- Relax before bed. Using progressive relaxation or meditation techniques right before bed can calm your mind and set the stage for a peaceful night’s sleep. Also, limit your exposure to blue light from screens, electronic devices, and fluorescent lightbulbs for a couple of hours before bedtime. Studies show that blue light suppresses melatonin and changes circadian rhythms.7
- Set the scene. Make sure your bedroom is conducive to sound sleep by keeping it cool (between 60 and 67 degrees), dark, and free from distracting noises. Ear plugs, fans, eye masks, and white noise machines can help.
- Try grounding. Grounding, also called earthing, is the process of connecting your body to the earth by walking barefoot or sitting/lying directly on the ground. You see, the negative grounding charge of the earth balances out free radical positive electrons that can build up in our bodies from our modern lifestyles, disrupting our natural rhythms. One research study showed reduced nighttime cortisol levels and normalization of circadian rhythms in subjects who slept on a grounding mattress pad.8 Aim for daily barefoot time outdoors or look for a grounding pad or sheet for your bed.
- Take a daily probiotic. So many factors in our daily lives—like diet, stress, antibiotics in food and as medicine, antibacterial cleaners, and certain medications—deplete the good bacteria in our gut that can produce important neurotransmitters and help maintain our circadian system. PRO-15 is a multi-strain probiotic formula that delivers 15 billion CFU deep into your gut to support overall health and help keep your body functioning at its best.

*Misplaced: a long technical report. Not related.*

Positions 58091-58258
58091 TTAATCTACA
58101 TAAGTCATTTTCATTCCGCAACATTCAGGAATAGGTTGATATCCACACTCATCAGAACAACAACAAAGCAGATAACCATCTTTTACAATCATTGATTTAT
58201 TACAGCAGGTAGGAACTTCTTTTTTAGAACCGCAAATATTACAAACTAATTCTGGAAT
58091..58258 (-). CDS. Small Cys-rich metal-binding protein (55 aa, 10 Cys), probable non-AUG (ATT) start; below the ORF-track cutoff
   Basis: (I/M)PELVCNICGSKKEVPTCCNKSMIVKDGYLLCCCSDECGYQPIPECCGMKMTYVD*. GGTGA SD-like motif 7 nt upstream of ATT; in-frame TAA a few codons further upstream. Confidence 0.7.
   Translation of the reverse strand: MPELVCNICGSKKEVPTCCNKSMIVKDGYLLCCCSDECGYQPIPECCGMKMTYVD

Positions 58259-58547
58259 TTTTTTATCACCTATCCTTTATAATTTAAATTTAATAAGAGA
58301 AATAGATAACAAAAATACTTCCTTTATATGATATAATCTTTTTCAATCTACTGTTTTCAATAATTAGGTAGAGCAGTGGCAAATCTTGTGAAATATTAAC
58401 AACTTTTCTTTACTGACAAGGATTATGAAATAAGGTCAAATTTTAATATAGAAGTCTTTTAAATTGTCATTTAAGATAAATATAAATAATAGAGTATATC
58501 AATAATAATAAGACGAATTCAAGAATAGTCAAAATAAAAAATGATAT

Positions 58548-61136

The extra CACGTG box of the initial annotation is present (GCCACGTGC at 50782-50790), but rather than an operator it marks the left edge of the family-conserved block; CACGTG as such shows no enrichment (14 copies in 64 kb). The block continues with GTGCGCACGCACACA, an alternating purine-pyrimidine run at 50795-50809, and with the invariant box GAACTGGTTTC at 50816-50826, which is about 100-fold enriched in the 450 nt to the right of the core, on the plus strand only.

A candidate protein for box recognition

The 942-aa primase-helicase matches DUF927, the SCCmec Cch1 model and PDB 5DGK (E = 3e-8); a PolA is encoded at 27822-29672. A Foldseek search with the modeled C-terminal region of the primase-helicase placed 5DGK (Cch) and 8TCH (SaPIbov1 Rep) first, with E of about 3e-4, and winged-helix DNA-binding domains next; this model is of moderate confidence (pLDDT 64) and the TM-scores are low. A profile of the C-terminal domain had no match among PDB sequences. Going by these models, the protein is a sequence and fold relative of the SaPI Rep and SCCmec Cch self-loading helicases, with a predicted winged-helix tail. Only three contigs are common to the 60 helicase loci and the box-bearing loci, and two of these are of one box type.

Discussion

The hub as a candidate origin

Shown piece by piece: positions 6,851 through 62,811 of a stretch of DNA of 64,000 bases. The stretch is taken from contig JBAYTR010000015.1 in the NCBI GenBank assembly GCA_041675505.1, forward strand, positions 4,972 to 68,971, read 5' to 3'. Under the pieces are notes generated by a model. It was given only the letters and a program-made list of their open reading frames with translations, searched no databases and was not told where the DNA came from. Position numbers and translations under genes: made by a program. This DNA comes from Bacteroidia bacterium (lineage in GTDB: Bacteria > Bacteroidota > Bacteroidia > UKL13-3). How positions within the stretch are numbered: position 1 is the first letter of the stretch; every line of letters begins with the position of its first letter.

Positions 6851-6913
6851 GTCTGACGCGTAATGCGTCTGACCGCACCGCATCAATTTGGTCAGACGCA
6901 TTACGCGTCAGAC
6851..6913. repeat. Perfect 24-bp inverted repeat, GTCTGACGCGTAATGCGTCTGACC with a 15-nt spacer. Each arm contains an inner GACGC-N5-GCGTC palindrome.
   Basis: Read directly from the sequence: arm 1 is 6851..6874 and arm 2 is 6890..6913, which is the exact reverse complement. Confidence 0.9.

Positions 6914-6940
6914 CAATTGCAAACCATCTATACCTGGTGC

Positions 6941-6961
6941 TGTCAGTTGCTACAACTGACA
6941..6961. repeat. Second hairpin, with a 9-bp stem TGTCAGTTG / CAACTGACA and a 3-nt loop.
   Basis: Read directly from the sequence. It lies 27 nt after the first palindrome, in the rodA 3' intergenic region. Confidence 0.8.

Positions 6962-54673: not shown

The truth is that everyone has a night of poor sleep now and then. Whether you have trouble turning “off” your brain the night before a big meeting or are tending to a child who is under the weather, a temporary lack of sleep can make you feel out of sorts. Setting yourself up for long-term sleep success will help you weather these temporary bouts of sleeplessness and put you well on the way toward feeling vibrantly healthy for all your waking hours.References:
1. Desbonnet, L., Garrett, L., Clarke, G., Bienenstock, J., & Dinan, T. G. (2008). The probiotic Bifidobacteria infantis: An assessment of potential antidepressant properties in the rat. Journal of Psychiatric Research, 43(2), 164-174.
2. Nakamaru-Ogiso, E., Miyamoto, H., Hamada, K., Tsukada, K., & Takai, K. (2012). Novel biochemical manipulation of brain serotonin reveals a role of serotonin in the circadian rhythm of sleep-wake cycles. European Journal of Neuroscience, 35(11), 1762-1770.
3. Yano, J., Yu, K., Donaldson, G., Shastri, G., Ann, P., Ma, L., . . . Hsiao, E. (2015). Indigenous Bacteria from the Gut Microbiota Regulate Host Serotonin Biosynthesis. Cell, 163(1), 258.
4. Bravo, J. A., Forsythe, P., Chew, M. V., Escaravage, E., Savignac, H. M., Dinan, T. G., . . . Cryan, J. F. (2011). Ingestion of Lactobacillus strain regulates emotional behavior and central GABA receptor expression in a mouse via the vagus nerve. Proceedings of the National Academy of Sciences, 108(38), 16050-16055.
5. Kato-Kataoka, A., Nishida, K., Takada, M., Suda, K., Kawai, M., Shimizu, K., . . . Rokutan, K. (2016). Fermented milk containing Lactobacillus casei strain Shirota prevents the onset of physical symptoms in medical students under academic examination stress. Beneficial Microbes, 7(2), 153-156.
6. Leone, V., Gibbons, S., Martinez, K., Hutchison, A., Huang, E., Cham, C., . . . Chang, E. (2015). Effects of Diurnal Variation of Gut Microbes and High-Fat Feeding on Host Circadian Clock Function and Metabolism. Cell Host & Microbe, 17(5), 681-689.
7. Lockley, S. W., Brainard, G. C., & Czeisler, C. A. (2003). High Sensitivity of the Human Circadian Melatonin Rhythm to Resetting by Short Wavelength Light. The Journal of Clinical Endocrinology & Metabolism, 88(9), 4502-4502.
8. Ghaly, M., Teplitz, D. (2004). The Biologic Effects of Grounding the Human Body During Sleep as Measured by Cortisol Levels and Subjective Reporting of Sleep, Pain, and Stress. The Journal of Alternative and Complementary Medicine, 10(5), 767-776.
Emily Courtney is a Writer and Editor at Hyperbiotics and mom to two fun and active boys. Emily is passionate about natural wellness and helping others learn about the power of probiotics for vibrant health! For more ideas on how you can benefit from the power of probiotics and live healthier days, be sure to subscribe to our newsletter.